Many leaders and business owners focus on their overall effectiveness, however, in reality, the exceptional leaders and business owners realise that the personal effectiveness of their team will provide even greater success than just focusing on themselves.

Do you find that some people have an ability to consistently get things done while others seem to continually make excuses? Some people have highly effective habits, and others need to learn them.

We consider that every business should have a personal growth plan for their leadership team that includes personal effectiveness as a core element.

Do you have any personal growth plans for your people?

When I take on a new client, I go right to work identifying their knowledge gaps and those of their team, while starting to address their motivation and mindset. That leads us to building a vision and developing a plan.

You’ve got so much to worry about already, and part of my job is just helping to sort through the clutter and provide honest answers quickly and cost-effectively. When you’re able to remove the clutter and the noise, answers sometimes present themselves.

If someone isn’t in the early stages of their business, it’s more about looking at their mindset immediately. They have to be able to evolve their mindset and move the goalposts.

I constantly try to motivate our team for success and share my vision for the future. As I began to work with other companies, I saw people who were lacking in these areas and I was able to assist, filling in gaps and making a difference with things like self-awareness, the ability to identify market opportunities and especially mindset.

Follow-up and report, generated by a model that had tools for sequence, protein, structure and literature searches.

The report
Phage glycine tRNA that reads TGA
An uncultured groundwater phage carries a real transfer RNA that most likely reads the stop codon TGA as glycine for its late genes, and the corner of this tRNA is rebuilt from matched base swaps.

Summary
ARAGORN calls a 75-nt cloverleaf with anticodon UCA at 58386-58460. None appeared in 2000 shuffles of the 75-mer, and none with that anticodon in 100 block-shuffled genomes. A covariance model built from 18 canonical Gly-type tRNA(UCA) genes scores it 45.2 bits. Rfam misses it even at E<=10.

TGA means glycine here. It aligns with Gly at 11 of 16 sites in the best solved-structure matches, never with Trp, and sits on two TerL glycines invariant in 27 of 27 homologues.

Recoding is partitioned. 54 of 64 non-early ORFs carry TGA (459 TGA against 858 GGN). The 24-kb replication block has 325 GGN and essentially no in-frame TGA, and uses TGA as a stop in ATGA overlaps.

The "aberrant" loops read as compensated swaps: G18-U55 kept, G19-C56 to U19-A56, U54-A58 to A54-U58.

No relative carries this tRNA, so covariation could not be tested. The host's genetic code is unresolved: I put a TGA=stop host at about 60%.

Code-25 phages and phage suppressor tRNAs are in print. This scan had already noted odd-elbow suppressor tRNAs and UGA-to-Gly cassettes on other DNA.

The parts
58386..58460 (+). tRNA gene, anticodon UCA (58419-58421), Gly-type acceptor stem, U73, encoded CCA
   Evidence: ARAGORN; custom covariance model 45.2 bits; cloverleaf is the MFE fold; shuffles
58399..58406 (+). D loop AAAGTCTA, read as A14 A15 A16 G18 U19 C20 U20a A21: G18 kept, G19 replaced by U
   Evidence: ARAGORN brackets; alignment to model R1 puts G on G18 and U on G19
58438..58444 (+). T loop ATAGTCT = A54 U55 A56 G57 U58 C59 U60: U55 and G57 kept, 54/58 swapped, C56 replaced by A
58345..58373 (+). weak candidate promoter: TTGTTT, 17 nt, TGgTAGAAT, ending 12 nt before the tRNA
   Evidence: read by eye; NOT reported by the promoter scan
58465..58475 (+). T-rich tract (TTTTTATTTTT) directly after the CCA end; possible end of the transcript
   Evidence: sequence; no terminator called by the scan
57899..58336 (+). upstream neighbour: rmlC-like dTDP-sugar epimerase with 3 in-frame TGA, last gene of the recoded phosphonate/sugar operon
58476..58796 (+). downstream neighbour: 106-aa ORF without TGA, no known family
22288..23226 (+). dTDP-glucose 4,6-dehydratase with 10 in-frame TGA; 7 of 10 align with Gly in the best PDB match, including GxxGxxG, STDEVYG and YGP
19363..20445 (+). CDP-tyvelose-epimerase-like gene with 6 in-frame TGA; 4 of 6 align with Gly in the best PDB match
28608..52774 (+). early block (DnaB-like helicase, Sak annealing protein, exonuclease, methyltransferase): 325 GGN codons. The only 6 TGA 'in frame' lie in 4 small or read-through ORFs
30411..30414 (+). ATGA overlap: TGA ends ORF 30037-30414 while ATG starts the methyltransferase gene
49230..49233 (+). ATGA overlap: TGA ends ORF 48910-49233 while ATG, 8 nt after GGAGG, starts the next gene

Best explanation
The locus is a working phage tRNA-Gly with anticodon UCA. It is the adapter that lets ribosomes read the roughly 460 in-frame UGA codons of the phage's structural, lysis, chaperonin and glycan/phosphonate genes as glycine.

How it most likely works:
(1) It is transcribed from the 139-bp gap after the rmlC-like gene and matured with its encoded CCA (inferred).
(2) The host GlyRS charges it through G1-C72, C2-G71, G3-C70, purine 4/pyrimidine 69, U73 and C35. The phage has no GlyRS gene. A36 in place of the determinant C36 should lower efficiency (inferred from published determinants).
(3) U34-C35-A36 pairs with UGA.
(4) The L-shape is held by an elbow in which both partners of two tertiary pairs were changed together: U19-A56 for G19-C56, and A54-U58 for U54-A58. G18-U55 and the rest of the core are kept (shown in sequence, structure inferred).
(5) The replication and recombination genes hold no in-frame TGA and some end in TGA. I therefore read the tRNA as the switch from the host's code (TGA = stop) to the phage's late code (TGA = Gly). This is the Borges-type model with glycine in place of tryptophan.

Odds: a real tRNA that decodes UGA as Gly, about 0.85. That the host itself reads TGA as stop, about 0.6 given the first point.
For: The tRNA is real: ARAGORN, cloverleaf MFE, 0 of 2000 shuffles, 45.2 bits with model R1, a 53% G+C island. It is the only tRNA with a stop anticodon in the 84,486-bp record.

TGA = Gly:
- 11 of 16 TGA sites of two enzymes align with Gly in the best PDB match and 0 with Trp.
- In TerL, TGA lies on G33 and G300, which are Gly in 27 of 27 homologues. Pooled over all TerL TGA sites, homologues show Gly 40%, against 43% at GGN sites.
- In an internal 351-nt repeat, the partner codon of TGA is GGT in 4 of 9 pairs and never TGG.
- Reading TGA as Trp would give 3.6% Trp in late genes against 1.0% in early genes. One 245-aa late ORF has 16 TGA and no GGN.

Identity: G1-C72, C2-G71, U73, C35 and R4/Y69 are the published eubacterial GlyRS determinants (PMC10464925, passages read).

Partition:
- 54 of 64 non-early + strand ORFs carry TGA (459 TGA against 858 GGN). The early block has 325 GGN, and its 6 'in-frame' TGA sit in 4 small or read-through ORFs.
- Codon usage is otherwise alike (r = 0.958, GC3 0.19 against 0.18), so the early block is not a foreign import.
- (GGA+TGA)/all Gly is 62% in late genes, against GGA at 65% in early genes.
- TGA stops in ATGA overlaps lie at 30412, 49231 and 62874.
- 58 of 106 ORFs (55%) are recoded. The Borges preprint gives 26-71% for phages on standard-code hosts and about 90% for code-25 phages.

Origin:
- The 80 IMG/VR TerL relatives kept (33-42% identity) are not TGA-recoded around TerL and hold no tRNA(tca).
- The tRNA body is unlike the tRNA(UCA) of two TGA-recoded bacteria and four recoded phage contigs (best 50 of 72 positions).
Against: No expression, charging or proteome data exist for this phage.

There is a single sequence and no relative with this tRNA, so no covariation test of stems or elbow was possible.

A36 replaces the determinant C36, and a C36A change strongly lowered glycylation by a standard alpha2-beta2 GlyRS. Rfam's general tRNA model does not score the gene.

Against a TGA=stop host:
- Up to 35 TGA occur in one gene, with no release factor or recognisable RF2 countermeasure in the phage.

Leaders with a fixed mindset can be a hindrance to a business, even if they have employees and other members of the team who sport growth mindsets. Fixed-mindset leaders tend to foster an environment of “group think” where they believe that, since they are the dominant person in the room, everybody needs to fall in line behind them with the exact same way of thinking.

This causes the group to all head in the same direction of the strongest individual, even if that individual is leading them down the wrong path. People look up to their leaders but also have an instinct to go with what the boss says and feel like they don’t have a right to overshadow those above them in the organisational chart.

The growth-mindset leader, on the other hand, asks lots of questions, finds out what their team thinks and builds consensus. If they are leading because they are the only one with the training or information to make decisions, they find a way to get the rest of the team up-to-speed.

Think about that for a minute. Which scenario is better: A room with one leader and five “yes-people” or a room with a facilitator and five people allowed to help problem-solve freely? The growth-mindset leader picks the second one and is grateful when one of the team solves a problem. They don’t worry about their personal standing within the group. They don’t let their ego get in the way of what’s best for the team and the organisation.